Table of Contents Author Guidelines Submit a Manuscript
Journal of Obesity
Volume 2011 (2011), Article ID 269043, 4 pages
Research Article

Sequence Analysis of the UCP1 Gene in a Severe Obese Population from Southern Italy

1Fondazione IRCCS SDN, Istituto di Ricerca Diagnostica e Nucleare, Via Gianturco 113, 80143 Naples, Italy
2Centro Interuniversitario di Studi e Ricerche sull'Obesità e Dipartimento di Medicina Clinica e Sperimentale, Università degli Studi di Napoli Federico II, Via Pansini 5, 80131 Naples, Italy
3CEINGE Biotecnologie Avanzate S.C. a R.L., Via Gaetano Salvatore 486, 80145, Naples, Italy
4Dipartimento di Biochimica e Biotecnologie Mediche, Università degli Studi di Napoli Federico II, Via Pansini 5, Via Pansini 5, 80131 Naples, Italy
5Fondazione Stella Maris Mediterraneo, Centro Disturbi del Comportamento Alimentare e del Peso “G. Gioia”, Chiaromonte, C/da S. Lucia, 85100, Chiaromonte, Potenza, Italy
6Dipartimento di Scienze Mediche Preventive, Università degli Studi di Napoli Federico II, Via Pansini 5, 80131 Naples, Italy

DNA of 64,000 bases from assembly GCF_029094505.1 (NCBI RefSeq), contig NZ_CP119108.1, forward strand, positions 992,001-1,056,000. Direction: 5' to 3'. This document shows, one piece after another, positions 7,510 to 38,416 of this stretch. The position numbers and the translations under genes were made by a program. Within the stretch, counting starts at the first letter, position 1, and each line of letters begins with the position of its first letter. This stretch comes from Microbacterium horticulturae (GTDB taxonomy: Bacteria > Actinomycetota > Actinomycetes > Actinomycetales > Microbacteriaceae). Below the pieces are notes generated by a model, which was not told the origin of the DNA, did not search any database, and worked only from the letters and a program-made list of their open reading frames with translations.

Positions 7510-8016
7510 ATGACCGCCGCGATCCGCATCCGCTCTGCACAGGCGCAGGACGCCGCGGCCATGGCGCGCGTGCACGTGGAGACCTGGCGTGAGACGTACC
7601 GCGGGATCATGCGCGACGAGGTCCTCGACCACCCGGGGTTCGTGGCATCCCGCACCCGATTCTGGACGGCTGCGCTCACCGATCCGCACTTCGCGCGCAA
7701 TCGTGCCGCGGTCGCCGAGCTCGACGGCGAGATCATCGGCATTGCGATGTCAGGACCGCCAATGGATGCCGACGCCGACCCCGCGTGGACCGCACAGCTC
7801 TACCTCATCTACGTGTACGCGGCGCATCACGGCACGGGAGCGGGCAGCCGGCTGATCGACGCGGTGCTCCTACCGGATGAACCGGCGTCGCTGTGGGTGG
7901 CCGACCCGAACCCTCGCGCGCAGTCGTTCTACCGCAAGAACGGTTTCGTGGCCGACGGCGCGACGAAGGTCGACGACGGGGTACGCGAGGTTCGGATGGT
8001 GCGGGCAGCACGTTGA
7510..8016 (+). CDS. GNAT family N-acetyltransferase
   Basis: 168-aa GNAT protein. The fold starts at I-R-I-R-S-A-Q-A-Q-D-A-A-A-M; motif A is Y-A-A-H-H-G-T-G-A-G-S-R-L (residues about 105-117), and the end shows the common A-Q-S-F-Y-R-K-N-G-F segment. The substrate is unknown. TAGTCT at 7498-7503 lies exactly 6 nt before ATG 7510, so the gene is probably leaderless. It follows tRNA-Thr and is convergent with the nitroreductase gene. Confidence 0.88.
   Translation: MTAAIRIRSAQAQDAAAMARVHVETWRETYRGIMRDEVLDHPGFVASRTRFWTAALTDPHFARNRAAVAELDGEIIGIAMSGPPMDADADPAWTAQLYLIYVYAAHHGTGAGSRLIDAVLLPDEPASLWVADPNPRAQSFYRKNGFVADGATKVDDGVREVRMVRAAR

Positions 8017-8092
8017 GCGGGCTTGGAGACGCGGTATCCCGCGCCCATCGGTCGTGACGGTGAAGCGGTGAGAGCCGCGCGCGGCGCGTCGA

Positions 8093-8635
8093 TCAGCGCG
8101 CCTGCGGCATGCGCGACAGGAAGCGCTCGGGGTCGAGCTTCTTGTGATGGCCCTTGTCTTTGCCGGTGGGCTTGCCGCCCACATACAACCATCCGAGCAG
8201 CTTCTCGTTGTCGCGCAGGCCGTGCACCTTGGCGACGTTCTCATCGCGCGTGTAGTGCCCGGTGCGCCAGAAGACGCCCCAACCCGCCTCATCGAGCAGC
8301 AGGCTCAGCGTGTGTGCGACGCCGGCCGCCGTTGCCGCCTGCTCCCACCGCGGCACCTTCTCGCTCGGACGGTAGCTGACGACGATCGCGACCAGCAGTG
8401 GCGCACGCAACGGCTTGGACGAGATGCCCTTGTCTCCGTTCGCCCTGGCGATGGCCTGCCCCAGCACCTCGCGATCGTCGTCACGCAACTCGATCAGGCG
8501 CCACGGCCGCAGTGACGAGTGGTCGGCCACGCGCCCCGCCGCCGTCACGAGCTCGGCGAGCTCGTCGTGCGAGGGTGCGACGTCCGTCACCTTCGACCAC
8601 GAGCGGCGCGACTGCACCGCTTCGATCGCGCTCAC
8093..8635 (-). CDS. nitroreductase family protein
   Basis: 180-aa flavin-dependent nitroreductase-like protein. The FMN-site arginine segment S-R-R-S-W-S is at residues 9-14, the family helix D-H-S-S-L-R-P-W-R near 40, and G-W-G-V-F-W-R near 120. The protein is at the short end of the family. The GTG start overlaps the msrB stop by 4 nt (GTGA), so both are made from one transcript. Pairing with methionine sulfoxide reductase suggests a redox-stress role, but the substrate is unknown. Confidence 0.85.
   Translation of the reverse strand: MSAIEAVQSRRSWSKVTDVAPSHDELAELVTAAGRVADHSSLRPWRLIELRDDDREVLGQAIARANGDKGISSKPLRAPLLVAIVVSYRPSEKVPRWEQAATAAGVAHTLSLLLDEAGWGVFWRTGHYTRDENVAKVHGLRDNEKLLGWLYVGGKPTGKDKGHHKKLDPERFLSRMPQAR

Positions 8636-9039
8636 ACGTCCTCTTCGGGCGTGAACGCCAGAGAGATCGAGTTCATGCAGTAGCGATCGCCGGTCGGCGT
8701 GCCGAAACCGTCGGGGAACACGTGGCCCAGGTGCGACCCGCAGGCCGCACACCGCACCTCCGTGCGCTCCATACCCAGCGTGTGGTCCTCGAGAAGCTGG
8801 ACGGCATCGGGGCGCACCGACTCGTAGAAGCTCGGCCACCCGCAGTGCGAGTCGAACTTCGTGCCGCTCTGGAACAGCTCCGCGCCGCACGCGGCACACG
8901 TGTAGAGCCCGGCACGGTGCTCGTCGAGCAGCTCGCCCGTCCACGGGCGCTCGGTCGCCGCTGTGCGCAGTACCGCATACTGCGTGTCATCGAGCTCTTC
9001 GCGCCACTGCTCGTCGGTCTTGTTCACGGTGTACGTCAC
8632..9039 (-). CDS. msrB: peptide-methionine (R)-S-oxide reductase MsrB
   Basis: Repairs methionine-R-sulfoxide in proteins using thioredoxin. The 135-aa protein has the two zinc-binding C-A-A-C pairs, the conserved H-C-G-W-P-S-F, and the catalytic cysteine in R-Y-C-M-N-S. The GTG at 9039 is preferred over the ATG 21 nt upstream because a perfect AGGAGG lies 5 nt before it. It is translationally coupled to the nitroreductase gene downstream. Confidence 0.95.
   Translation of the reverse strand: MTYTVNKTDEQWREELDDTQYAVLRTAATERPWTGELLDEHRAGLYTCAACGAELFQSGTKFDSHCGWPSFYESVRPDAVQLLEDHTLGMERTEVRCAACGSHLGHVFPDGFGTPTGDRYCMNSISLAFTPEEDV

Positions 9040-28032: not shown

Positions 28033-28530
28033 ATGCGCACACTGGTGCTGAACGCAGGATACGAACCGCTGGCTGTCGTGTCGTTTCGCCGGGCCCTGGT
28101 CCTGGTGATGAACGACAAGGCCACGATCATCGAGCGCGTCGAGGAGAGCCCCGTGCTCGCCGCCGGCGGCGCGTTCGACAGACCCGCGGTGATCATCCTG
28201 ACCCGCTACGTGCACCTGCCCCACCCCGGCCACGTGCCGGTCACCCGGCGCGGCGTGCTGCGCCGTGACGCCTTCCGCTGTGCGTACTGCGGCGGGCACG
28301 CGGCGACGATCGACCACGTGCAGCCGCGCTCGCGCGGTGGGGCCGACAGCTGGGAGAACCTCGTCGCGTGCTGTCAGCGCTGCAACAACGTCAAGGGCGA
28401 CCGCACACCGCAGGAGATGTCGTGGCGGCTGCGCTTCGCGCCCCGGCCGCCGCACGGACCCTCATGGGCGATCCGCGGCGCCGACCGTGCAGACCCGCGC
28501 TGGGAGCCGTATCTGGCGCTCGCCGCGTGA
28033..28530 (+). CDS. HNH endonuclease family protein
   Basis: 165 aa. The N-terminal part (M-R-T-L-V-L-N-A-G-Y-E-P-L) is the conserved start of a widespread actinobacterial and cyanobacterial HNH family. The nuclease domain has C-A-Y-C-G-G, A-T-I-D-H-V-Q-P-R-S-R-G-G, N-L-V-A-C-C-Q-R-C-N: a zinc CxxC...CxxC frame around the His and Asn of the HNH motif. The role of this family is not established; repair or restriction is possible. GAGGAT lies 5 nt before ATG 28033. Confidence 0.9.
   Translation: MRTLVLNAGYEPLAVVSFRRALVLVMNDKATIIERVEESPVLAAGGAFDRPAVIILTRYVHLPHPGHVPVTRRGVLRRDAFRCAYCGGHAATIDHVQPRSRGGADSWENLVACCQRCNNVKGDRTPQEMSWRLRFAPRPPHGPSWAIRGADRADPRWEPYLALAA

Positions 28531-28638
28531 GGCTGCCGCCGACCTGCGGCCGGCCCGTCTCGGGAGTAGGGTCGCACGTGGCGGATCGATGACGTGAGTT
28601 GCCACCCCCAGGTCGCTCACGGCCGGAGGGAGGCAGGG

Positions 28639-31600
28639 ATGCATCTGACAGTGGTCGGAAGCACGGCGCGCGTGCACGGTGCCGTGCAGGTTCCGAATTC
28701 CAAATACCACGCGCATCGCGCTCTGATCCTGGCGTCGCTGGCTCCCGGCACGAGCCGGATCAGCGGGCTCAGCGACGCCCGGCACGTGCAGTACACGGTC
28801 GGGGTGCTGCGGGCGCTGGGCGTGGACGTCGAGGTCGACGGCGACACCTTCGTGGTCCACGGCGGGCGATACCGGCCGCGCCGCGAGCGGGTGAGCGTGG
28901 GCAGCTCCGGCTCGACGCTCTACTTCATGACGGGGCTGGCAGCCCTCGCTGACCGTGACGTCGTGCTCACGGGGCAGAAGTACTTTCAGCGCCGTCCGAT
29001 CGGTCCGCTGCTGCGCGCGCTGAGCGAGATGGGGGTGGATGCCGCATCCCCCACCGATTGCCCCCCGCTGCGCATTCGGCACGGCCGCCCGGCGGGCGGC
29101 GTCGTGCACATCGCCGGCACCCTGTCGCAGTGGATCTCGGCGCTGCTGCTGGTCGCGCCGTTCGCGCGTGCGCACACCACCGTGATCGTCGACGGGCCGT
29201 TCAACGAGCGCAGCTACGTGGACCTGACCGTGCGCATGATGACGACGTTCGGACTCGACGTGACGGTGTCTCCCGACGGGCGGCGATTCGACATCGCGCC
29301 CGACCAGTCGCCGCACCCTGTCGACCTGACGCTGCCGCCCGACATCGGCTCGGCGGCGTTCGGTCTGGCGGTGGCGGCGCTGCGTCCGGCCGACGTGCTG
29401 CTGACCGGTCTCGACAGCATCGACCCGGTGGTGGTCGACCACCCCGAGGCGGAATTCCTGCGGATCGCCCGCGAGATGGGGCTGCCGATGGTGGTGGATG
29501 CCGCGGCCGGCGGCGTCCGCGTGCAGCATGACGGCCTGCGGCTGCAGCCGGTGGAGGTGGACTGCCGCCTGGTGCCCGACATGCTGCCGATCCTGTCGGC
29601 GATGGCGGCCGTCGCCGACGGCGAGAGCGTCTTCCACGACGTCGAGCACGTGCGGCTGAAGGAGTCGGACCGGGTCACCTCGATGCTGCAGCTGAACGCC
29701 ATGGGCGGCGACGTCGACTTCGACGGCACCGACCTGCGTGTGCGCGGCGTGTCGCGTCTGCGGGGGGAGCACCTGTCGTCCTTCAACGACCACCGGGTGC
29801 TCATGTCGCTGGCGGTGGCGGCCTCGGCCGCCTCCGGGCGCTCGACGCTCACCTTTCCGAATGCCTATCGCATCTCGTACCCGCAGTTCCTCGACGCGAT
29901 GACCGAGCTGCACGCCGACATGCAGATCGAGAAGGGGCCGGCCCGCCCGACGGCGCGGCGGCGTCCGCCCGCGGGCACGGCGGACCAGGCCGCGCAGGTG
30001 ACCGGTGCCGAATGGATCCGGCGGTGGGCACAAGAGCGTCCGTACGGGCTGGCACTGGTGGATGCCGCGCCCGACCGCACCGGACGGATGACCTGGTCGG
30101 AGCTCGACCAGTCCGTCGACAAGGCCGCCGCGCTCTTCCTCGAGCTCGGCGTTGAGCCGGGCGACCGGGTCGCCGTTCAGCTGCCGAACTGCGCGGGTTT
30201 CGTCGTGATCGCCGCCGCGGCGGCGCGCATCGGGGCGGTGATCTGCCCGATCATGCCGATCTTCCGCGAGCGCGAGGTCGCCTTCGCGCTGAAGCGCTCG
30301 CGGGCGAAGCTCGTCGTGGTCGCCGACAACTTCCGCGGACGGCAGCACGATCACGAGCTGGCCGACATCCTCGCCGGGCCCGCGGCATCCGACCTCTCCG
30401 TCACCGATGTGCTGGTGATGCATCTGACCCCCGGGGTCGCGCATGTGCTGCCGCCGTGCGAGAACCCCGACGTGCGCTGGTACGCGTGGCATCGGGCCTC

Received 1 December 2010; Accepted 8 April 2011

Academic Editor: Francesco Saverio Papadia

Copyright © 2011 Giuseppe Labruna et al. This is an open access article distributed under the Creative Commons Attribution License, which permits unrestricted use, distribution, and reproduction in any medium, provided the original work is properly cited.


Brown adipose tissue, where Uncoupling Protein 1 (UCP1) activity uncouples mitochondrial respiration, is an important site of facultative energy expenditure. This tissue may normally function to prevent obesity. Our aim was to investigate by sequence analysis the presence of UCP1 gene variations that may be associated with obesity. We studied 100 severe obese adults (BMI > 40 kg/m2) and 100 normal-weight control subjects (BMI range = 19–24.9 kg/m2). We identified 7 variations in the promoter region, 4 in the intronic region and 4 in the exonic region. Globally, 72% of obese patients bore UCP1 polymorphisms. Among UCP1 variants, g.IVS4−208T>G SNP was associated with obesity (OR: 1.77; 95% CI = 1.26–2.50; ). Further, obese patients bearing the g.−451C>T (CT+TT) or the g.940G>A (GA+AA) genotypes showed a higher BMI than not polymorphic obese patients ( and , resp.). In conclusion, UCP1 SNPs could represent “thrifty” factors that promote energy storage in prone subjects.